#FoundersFridays: Meet Zsofia Kollar
Meet Zsofia Kollar, founder of Human Material Loop, a company that develops high-performance textiles for various industries by using human hair waste.
Founders Fridays is a StartupAmsterdam initiative showcasing local entrepreneurs who help strengthen our ecosystem. By inviting founders to answer five questions, we want to shine a light on our ecosystem's most inspirational stories and role models. We hope we'll all learn and grow together by providing startup founders a space to share their insights and experience.
This week we spoke to Zsofia Kollar, founder of Human Material Loop. This company researches human waste as an alternative sustainable material. By collecting and processing human hair waste, Human Material Loop can develop high-performance textiles with the lowest carbon footprint possible.
How did your career journey lead you to found Human Material Loop?
I have an architecture and design degree, and even during my studies I was more interested in the conceptual side of design and deeply involved in material research. Since the beginning of my career, my inspiration has come from changing perspectives and challenging the norms. Human Material Loop was born from a fascination with human hair and how to give value to human waste. For as long as you have hair on top of your head, it is one of the most precious parts of your body: the resources and time you spend to make it look good diminish at the moment once it is cut. I was faced with the amount of waste generated in hair salons, then investigating human hair as a raw material led me to learn that it is actually the same keratin protein fibre as wool. This, together with my understanding of the negative impact of the textile industry, is what made me found Human Material Loop. We are a textile innovation company that, together with other designers, engineers and scientists, has developed a technology to use this neglected fibre for textile development.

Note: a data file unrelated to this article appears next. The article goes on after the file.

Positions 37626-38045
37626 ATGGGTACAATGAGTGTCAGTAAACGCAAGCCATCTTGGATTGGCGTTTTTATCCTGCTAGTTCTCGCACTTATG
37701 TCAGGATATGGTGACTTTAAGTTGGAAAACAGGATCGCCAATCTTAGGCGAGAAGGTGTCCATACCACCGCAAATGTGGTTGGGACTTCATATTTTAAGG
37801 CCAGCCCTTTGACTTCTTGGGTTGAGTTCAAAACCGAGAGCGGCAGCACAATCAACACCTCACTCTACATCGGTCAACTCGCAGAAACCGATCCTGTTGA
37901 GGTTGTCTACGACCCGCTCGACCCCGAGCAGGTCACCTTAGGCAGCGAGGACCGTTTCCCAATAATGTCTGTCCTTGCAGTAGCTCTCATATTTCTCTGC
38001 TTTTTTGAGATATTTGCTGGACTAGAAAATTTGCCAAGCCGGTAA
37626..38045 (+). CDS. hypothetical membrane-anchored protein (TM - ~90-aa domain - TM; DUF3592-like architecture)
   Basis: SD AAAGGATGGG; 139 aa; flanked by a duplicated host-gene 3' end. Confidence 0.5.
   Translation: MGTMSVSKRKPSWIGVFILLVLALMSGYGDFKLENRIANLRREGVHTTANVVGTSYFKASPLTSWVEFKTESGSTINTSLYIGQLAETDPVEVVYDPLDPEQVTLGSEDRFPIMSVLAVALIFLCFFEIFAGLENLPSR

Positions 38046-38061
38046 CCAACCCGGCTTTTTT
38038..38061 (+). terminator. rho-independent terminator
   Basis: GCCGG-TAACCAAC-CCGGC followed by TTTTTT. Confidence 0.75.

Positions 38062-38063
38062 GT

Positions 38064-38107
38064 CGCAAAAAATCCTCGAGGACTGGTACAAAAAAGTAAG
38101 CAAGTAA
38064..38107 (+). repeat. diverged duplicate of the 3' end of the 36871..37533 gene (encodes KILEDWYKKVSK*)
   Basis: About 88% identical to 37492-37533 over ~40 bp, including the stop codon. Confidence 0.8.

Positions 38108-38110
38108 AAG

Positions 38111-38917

What makes Amsterdam a great city and a great ecosystem for a startup founder?
I moved to Amsterdam over 10 years ago; it is a city like no other. It is small and accessible, so you have an excellent overview of what happens in the town and can create your own space within the city. Amsterdam and its diverse people, from so many different backgrounds and nationalities, broaden your perspective and inspire you to think differently. There is always space for discussions, and the city does not judge but instead challenges you with new ideas and opportunities. It is small, but big enough for big ideas to flourish.
What are the goals and needs of the Human Material Loop for the upcoming months?
We are in the final stages of developing our technology for industrial production. Specifically, we've been working with the most significant material engineering facility, Brightland Chemelot, to deliver this innovation, which has the potential to revolutionise the textile industry. Currently, we are looking for partners who would like to be pioneers in implementing our innovation in their products and collaborate on the most circular textile product ever put on the market. We are also expanding the team, so if there is anybody out there who wants to join our exciting journey, please get in touch.
What would you say is your greatest accomplishment as a founder?
I became a founder because what once started as a research project eventually became a company. I could see what an idea could become and how to make that idea into a business case. Being a founder is not a fairytale: you create your own heroes and invent your own magic formula that changes along the way. Even though we have a long way to go, the greatest accomplishment is how many people changed their minds about the value of human waste, our position within the ecosystem and what the future of a circular economy can be. We are on a mission to cut our waste and our footprint, but we also need to question the position of humanity in our ecosystems. Once you hear our story, you will not forget it.
What was the most challenging moment in your business journey? How did you go past it and move forward?
As a founder, you develop an incredible passion and drive for your company, but you cannot change the world alone. The most challenging part of the business journey was finding the right people to build this company from the ground up: people who could bring the same passion, different perspectives and lasting commitment to our team. Building such a team is a company's most challenging and crucial goal. The only way to go is to try, dare to say no and be objective: to put your personal feelings aside and think about what is best for the company, what value needs to come in, and what needs to go to make this work. We are still in the process of expanding the team, but I already discovered that the right people often come at the right moment. Even though sometimes you make the wrong decisions, you learn from it and can make a better decision next time. Trust in people, and reach out to those you want in your team. Find passion in people: that is the most significant value you can bring to your team. I learned that, and I am still seeking that for our new team members going forward.